A new report, supported by Association for Project Management (APM), has revealed that contractual demands for sustainable outcomes are becoming the norm in construction projects.
The Royal Institute of British Architects (RIBA) published its Construction Contracts and Law Report on Thursday, 28 July. The report shares the findings of its survey of construction professionals on their experience of legal and contractual practice over the past 12 months. It highlights the latest trends and experiences when it comes to using construction contracts. APM helped promote the survey to its membership and online networks.
Key findings show that 43% of respondents were involved in one or more contracts that included ‘expected sustainable outcomes’ and 32% that included ‘measurable sustainability criteria’, indicating that contractual demands for sustainable outcomes are becoming increasingly normalised. However, only 7% of respondents had been involved in a contract that included the UN Sustainable Development Goals.
Other key findings include:
- 57% of respondents said they adopted collaboration techniques on some or all projects, with almost a quarter (22%) adopting collaboration techniques on all projects.
- 63% said that collaboration techniques reduced the number of disputes, and 61% said they improved the delivery of the client’s objectives.
- The proportion of respondents being involved in contractual disputes fell from 44% in 2015, to 33% in 2018, to 27% this year.
In addition to the survey findings, the report features articles from cross-sector experts, including one produced in collaboration between APM and ARUP, one of its corporate partners, about how the contracting landscape has changed post-pandemic.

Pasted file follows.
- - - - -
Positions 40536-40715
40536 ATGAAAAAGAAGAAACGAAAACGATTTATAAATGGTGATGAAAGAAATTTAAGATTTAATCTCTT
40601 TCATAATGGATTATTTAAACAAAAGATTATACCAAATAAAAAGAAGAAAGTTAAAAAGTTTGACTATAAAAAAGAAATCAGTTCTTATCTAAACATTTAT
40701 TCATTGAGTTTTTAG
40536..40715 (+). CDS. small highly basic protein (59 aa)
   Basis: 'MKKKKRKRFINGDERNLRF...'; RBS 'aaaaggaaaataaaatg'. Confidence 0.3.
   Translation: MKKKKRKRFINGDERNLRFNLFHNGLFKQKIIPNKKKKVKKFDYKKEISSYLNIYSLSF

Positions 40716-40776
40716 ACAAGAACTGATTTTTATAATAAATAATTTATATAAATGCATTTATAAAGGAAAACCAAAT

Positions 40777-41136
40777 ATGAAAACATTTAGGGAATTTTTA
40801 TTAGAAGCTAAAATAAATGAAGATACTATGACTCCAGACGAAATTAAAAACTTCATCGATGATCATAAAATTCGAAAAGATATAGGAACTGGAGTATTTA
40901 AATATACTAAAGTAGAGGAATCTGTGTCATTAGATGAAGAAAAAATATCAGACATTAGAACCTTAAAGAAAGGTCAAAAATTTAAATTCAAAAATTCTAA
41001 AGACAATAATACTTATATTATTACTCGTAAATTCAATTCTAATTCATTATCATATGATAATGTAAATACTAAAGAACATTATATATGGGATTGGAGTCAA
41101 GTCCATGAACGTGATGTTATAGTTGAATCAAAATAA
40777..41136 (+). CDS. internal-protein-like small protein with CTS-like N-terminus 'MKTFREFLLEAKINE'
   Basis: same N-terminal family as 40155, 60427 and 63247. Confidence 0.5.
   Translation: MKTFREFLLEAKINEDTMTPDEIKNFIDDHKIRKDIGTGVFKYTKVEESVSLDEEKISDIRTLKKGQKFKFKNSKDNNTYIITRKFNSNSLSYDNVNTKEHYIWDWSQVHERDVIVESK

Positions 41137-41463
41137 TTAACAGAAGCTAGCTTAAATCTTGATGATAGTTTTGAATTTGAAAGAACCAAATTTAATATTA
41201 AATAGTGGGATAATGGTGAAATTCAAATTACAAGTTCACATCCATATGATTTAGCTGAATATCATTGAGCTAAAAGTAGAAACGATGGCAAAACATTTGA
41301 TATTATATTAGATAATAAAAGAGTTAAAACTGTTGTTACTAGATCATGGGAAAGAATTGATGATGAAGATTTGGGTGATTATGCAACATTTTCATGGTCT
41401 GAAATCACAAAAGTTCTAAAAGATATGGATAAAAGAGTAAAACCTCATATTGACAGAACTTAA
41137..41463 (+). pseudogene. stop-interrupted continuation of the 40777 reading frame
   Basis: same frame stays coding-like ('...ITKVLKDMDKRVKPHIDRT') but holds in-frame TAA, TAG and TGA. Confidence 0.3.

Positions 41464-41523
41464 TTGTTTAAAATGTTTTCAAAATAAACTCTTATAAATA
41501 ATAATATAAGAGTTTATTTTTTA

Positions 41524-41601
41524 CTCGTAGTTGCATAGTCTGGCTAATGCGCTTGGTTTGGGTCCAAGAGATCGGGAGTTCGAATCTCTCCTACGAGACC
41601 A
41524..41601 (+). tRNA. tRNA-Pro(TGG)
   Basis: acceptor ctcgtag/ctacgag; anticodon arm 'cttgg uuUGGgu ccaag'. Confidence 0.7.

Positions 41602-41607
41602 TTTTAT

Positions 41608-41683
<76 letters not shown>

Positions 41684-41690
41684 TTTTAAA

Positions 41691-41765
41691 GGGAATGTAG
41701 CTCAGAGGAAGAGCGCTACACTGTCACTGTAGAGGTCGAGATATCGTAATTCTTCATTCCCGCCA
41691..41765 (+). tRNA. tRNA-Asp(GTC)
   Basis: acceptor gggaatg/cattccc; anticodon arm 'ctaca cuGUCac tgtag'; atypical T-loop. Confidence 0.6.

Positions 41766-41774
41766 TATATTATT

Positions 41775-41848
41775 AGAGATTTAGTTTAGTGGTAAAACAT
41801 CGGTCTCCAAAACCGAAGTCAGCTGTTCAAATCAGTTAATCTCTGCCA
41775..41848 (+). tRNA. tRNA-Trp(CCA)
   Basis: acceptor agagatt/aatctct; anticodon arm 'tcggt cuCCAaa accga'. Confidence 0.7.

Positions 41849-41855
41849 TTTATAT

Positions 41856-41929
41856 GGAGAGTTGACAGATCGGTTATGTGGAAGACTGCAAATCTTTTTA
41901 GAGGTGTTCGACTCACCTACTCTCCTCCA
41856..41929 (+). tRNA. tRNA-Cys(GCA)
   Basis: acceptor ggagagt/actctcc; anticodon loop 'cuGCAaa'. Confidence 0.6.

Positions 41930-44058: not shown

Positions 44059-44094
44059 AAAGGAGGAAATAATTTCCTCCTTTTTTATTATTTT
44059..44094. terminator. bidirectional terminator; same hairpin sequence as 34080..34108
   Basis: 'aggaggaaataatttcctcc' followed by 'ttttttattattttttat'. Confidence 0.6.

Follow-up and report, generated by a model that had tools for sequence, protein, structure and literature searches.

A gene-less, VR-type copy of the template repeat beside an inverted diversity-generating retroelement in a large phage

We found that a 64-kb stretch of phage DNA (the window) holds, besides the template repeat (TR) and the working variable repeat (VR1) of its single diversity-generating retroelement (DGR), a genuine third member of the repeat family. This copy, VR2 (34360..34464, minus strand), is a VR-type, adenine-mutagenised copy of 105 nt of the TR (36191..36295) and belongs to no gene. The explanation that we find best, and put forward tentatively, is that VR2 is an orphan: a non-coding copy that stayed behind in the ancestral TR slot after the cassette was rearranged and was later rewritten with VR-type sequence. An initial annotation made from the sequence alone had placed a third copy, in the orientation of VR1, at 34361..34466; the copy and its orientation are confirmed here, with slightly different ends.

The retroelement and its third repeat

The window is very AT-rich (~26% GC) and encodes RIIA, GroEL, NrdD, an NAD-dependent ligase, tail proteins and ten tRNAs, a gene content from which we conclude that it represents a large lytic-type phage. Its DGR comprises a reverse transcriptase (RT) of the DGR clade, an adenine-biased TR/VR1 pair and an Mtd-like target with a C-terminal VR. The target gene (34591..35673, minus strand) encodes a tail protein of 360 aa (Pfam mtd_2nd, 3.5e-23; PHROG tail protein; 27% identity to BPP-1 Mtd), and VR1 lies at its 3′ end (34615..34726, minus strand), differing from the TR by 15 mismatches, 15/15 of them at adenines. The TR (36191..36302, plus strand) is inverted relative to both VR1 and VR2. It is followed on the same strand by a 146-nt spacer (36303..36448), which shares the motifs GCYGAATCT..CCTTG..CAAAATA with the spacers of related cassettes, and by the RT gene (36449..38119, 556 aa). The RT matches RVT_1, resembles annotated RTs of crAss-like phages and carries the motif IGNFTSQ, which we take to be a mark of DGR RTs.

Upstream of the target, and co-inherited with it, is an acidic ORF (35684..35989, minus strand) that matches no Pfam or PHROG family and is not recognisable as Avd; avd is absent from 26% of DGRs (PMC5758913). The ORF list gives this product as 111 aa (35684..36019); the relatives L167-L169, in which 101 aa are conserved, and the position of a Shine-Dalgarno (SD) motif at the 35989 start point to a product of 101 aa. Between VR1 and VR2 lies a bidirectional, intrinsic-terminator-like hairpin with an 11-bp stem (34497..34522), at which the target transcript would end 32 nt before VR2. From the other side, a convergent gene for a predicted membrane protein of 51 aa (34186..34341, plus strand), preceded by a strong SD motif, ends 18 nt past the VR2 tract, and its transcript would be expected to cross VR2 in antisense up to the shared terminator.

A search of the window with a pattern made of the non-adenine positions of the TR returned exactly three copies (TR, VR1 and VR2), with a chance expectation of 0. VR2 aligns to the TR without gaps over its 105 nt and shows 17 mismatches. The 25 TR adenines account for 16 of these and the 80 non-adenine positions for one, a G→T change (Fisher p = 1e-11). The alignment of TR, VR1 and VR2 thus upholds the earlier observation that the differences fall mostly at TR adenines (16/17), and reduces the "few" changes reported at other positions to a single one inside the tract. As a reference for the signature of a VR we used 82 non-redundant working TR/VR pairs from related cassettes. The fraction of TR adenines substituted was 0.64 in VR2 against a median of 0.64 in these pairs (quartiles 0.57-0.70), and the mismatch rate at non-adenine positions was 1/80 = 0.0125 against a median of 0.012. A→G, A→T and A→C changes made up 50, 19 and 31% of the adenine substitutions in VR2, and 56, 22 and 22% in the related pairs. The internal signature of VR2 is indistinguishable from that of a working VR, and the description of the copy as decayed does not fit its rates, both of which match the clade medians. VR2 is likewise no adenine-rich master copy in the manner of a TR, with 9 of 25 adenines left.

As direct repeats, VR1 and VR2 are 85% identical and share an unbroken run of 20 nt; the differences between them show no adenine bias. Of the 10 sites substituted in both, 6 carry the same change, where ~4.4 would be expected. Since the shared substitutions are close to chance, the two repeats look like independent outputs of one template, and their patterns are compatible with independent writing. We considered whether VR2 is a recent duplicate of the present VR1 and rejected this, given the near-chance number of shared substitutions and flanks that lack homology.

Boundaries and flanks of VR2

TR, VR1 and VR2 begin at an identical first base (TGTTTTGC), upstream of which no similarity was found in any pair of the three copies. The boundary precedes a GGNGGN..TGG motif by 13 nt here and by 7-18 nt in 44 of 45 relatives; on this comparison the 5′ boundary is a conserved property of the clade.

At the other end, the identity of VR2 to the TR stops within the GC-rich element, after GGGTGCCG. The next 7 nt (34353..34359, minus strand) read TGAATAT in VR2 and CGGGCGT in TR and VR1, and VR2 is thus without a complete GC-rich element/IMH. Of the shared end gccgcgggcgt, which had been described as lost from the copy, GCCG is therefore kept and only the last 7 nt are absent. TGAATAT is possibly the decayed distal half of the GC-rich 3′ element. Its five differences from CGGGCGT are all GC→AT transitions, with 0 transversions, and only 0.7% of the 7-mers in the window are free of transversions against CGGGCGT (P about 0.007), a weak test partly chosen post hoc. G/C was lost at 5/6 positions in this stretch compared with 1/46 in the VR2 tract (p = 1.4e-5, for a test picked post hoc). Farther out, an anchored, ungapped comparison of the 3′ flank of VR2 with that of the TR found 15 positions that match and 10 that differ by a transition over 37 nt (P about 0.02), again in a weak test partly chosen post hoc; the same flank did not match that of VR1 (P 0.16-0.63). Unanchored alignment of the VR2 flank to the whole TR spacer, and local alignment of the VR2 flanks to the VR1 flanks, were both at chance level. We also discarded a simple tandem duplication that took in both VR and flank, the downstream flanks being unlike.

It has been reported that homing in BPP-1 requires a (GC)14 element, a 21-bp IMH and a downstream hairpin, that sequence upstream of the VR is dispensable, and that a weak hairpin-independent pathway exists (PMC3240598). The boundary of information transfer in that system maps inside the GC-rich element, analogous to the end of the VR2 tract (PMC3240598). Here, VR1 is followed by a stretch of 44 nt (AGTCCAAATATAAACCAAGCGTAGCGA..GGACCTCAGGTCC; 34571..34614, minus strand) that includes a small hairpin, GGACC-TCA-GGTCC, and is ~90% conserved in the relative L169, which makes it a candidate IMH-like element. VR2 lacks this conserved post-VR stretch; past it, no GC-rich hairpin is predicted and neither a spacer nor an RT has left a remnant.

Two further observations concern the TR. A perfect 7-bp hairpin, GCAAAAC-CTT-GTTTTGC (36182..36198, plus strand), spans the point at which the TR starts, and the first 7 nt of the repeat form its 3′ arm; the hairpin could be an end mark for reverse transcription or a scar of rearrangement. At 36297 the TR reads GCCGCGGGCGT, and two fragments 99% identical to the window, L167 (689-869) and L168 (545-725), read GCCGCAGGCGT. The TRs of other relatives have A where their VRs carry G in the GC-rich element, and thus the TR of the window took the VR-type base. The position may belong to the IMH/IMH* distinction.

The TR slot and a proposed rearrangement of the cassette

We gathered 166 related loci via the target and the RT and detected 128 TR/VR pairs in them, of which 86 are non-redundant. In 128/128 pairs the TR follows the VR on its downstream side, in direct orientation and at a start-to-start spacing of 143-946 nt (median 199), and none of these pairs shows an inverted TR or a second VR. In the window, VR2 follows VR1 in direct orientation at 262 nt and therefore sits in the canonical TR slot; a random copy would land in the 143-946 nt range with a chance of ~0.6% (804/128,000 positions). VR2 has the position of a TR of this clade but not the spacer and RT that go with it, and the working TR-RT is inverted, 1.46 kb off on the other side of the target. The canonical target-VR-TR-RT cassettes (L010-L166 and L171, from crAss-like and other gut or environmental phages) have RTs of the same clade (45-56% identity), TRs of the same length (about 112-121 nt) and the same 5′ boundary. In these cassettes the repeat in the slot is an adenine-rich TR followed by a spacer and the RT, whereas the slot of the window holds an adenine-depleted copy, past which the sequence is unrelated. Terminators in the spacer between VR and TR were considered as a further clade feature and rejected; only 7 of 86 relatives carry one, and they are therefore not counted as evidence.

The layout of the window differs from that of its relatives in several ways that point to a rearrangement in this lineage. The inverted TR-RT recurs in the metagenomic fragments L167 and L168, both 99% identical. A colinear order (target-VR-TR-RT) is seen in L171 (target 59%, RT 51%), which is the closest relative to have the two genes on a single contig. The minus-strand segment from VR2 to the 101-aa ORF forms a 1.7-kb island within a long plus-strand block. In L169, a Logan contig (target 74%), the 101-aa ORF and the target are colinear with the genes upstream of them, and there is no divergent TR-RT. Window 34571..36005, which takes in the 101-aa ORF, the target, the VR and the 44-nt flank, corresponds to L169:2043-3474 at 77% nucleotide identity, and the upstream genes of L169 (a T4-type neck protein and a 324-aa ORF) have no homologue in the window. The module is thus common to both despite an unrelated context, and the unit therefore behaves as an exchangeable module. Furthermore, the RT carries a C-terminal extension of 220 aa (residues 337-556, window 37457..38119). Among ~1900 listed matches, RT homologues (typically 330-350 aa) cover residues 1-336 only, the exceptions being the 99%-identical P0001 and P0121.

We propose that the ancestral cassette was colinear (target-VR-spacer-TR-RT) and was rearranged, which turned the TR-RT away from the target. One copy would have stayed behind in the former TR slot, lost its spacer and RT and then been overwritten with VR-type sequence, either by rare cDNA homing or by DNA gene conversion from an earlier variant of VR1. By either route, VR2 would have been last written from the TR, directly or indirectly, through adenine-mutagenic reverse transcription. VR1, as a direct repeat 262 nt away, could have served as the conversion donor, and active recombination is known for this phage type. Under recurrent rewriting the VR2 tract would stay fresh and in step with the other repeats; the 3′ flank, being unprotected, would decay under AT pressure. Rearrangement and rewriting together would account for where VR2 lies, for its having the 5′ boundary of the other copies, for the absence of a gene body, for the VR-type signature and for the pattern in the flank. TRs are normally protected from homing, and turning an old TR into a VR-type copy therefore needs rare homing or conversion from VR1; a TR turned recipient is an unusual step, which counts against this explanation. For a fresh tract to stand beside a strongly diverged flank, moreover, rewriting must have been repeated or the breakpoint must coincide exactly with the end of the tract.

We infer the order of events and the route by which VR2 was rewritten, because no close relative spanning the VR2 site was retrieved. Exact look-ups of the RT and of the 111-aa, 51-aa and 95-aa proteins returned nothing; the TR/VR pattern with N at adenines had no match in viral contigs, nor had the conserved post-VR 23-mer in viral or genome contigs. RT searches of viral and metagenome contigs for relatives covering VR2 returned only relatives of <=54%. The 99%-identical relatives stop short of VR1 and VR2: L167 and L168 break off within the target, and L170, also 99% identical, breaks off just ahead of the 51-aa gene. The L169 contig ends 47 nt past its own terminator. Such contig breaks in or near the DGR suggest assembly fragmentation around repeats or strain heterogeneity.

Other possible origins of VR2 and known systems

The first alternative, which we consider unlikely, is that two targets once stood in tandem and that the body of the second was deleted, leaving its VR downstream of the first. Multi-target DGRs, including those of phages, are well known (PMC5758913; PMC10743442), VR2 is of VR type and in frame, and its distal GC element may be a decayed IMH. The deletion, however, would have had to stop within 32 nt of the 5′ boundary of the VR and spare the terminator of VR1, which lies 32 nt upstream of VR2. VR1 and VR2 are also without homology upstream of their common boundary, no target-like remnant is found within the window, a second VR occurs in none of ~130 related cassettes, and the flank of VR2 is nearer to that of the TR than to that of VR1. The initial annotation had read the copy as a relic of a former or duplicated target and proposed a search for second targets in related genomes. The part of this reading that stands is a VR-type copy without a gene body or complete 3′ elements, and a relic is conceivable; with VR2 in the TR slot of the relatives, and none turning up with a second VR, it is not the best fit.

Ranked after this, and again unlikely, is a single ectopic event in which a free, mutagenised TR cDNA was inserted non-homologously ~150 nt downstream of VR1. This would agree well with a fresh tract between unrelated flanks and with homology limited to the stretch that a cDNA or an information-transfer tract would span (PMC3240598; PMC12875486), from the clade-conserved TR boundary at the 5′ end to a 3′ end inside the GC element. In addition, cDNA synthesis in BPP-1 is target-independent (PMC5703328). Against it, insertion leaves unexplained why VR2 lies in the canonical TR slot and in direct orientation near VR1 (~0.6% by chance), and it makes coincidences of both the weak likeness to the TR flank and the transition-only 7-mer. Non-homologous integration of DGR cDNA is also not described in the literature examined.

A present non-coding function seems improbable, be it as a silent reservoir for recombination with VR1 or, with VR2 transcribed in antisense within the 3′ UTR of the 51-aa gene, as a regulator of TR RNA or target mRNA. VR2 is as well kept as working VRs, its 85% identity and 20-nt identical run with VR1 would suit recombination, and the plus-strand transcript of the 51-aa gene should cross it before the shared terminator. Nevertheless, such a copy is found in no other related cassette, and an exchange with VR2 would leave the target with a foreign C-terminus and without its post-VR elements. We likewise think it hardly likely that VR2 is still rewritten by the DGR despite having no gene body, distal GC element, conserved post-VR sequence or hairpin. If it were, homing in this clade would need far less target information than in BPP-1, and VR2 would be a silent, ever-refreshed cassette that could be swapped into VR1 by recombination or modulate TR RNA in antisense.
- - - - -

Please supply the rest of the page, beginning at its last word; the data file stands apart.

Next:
Commenting on the findings, RIBA Executive Director Professional Knowledge and Standards, Adrian Dobson, said: “We can expect to see demands for sustainable outcomes grow significantly over the coming years. From government departments and agencies, from project funders and financiers, and through tighter legislation and standards – the contractual expression of sustainable outcomes will become progressively mainstream. I am therefore encouraged to see growing appetite for contracts that include sustainability criteria. Across the industry, we need to be designing, specifying, procuring, managing and measuring sustainable buildings now. Sustainability isn’t just aspiration and altruism. It’s increasingly the bottom line.
“The strong adoption of collaborative techniques and declining number of disputes is also encouraging, particularly during such an unpredictable and volatile period, demonstrating the resilience of the sector. It also stresses the importance of construction contracts that facilitate collaborative behaviour and clearly delineate areas of responsibility.”